On December 14, the National Labor Relations Board (NLRB) voted 3-2 to overturn the Obama-era joint employer rule, a regulation that NMHC/NAA have long argued against because it would hold firms, including apartment firms, liable for fines if their subcontractors, suppliers, vendors and temporary staff violated Federal labor laws.
Before the Obama-era change, employers were only jointly liable if they had direct and immediate control over the essential terms and conditions of employment. The NLRB ruling this month restores the standard that proof of indirect control, contractually-reserved control that has never been exercised, or control that is limited and routine will not be sufficient to establish a joint-employer relationship.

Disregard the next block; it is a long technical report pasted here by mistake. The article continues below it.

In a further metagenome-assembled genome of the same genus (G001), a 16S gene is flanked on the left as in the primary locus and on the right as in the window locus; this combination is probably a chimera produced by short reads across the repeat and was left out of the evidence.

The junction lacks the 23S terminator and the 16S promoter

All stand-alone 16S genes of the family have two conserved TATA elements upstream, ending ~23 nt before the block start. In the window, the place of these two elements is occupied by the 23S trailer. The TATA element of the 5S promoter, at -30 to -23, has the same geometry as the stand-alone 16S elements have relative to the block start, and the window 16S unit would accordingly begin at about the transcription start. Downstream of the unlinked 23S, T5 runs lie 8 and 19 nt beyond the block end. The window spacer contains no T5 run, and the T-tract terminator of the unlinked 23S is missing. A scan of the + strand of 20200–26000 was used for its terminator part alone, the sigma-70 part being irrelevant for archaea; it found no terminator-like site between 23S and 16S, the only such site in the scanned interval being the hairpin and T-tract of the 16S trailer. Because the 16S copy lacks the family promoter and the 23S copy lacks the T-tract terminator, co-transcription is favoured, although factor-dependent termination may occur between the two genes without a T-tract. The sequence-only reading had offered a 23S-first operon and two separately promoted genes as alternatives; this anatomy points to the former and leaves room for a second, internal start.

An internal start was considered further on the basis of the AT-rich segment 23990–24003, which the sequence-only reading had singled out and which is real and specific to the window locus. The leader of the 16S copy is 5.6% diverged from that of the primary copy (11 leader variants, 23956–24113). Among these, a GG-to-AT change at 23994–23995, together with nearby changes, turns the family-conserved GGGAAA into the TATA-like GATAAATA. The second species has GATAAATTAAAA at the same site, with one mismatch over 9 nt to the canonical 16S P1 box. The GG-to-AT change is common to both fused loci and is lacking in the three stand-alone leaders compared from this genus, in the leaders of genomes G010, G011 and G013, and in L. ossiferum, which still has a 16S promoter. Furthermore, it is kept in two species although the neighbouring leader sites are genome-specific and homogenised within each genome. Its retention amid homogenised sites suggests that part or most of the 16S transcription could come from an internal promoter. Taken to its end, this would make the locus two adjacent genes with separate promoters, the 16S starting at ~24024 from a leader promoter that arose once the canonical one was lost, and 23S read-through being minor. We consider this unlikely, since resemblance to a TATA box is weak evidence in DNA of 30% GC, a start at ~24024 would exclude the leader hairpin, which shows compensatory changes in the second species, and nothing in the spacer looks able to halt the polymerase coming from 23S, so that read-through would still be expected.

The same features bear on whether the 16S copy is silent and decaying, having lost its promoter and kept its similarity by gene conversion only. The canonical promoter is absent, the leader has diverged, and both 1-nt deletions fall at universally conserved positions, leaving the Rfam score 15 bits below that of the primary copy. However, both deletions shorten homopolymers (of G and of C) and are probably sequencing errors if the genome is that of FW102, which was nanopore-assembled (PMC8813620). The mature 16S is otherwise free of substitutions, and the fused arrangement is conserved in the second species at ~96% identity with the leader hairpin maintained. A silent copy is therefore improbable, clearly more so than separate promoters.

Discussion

Following significant advocacy efforts by NMHC/NAA (including a November 6 letter and an October 4 letter urging lawmakers to pass legislation to eliminate the unnecessary rule. The House passed a bill (H.R. 3441) on November 8 that would have overturned the NLRB joint employer rule. With the latest NLRB action, those legislative efforts are no longer necessary.